Baidu, the owner of blockchain-based image managing service Totem, will hold a launch conference for its Totem Rewards on July 18, 2018. At the conference, Baidu will also reveal its blockchain layout to the world, the company announced on its website.
At the conference, vice-president of Baidu’s search division Wu Hailong, Baidu’s search chief architect and director of the blockchain laboratory Tan Waiting, and Zhang Xinyong, director of Baidu search product operations, will formally set in motion the Baidu Totem Rewards and present Baidu’s blockchain layout.
So, what are Totem Rewards, exactly? Totem Rewards serve as an incentive and a tool to ensure equity in the system. At first, the rewards will be available only for a small number of options, including user uploads. This means that you will be able to obtain Totem points upon uploading photos or performing other actions. However, the company hasn’t revealed any specific consumption scenarios for the rewards so far. Nonetheless, the chance is that the rewards might apply to image transactions and Baidu resources exchange in the future.
Baidu’s blockchain road
At the beginning of 2018, Chinese search giant Baidu launched its blockchain-as-a-service (BaaS) product, the “most easy to understand” blockchain service in the business, according to the company.
Upon this announcement, Baidu’s management said this technology had already been applied in asset securitization and exchange and argued it had contributed to the “first asset-backed securities exchange products using blockchain technology in China.”
The move was an apparent response to the actions of Baidu’s rival Tencent, which officially revealed its blockchain service a couple of months before.
On April 11, 2018, the company announced the launch of Baidu Totem, a blockchain-based application for managing intellectual property rights for stock images, as a bid to deal with the issue of the rampant copyright infringement in China.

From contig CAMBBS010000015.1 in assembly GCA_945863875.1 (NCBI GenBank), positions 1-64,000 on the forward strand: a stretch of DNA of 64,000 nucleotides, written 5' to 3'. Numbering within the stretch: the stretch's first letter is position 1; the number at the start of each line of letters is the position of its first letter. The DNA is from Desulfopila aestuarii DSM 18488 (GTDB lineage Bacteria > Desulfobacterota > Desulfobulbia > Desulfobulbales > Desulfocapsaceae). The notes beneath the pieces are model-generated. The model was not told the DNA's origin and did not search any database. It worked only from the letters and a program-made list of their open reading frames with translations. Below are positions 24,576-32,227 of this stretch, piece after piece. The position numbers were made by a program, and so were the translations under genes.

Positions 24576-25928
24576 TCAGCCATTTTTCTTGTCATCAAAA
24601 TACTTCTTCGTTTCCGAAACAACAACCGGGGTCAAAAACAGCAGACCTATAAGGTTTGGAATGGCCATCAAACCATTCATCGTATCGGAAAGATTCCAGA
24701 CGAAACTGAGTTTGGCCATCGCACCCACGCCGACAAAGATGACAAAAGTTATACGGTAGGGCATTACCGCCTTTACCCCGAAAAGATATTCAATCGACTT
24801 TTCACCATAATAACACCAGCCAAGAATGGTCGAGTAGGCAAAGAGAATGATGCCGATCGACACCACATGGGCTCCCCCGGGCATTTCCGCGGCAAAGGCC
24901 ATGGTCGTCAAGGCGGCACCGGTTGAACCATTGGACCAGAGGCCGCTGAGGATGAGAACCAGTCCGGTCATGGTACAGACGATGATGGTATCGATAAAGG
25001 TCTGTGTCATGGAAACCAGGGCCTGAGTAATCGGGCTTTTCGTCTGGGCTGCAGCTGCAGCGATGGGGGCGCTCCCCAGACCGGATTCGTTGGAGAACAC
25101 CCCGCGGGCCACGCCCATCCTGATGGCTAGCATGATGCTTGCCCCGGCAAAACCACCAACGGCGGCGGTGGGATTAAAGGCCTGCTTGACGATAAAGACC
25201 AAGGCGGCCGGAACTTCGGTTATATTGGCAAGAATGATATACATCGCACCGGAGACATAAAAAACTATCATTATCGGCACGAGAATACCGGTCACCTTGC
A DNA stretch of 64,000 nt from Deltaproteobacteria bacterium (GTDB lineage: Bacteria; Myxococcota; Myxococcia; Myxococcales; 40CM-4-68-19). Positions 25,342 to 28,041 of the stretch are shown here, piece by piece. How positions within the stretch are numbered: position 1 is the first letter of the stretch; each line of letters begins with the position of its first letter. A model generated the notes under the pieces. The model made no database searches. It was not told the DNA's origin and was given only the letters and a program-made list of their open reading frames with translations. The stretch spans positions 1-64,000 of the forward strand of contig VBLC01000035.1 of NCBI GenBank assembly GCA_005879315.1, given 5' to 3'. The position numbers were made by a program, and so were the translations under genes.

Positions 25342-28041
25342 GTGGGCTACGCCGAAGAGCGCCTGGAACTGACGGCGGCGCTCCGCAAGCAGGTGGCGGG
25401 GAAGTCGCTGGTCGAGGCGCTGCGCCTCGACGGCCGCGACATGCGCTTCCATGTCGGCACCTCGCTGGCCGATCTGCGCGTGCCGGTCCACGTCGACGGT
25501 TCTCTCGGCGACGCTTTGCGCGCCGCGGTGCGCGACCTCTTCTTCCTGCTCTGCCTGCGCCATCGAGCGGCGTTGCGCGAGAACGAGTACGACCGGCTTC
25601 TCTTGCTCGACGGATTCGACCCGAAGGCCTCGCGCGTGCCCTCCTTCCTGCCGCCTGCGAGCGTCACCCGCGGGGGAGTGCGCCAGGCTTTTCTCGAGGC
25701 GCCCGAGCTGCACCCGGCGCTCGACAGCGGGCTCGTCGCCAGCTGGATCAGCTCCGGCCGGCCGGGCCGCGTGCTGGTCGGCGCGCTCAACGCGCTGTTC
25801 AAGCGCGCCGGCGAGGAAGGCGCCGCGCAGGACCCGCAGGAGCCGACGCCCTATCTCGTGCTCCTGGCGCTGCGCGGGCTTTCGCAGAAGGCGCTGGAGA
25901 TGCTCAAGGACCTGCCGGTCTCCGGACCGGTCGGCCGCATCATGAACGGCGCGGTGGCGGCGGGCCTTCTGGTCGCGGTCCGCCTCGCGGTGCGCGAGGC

The system is similar to U.S.-based ImageRights and Kodak’s blockchain-based system for tracking photos, called KODAKOne, which uses artificial intelligence (AI) to record the time of submission of the original photo from a user, along with the real-name identity of the uploader and all the information associated with the image.
Just like KODAKOne, Baidu utilizes artificial intelligence to scan millions of websites all over the world looking for duplicates and checking for any copyright infringement. If the AI discovers signs of such malfeasance, Totem will “initiate online rights lawyers” to deal with the issue.
Totem so far appears to be limited to China only, and the service has signed several Chinese-based stock agencies and photographers. The service will also support other Baidu products, including Baidu Photos and Baidu Search.
In addition to all these blockchain-based advancements, Baidu has also announced it will soon introduce its self-driving buses to the streets of China and in 2019, the buses will reach the streets of Japan. The buses will use Apollo 3.0, the latest version of Baidu’s open autonomous driving platform. Baidu will team up with investment firm SoftBank’s autonomous vehicle subsidiary SB Drive to bring the buses to Tokyo and other cities in Japan.
Headquartered in Beijing, Baidu Inc. is a Chinese multinational tech company specializing in Internet-related services and products and AI incorporated in January 2000.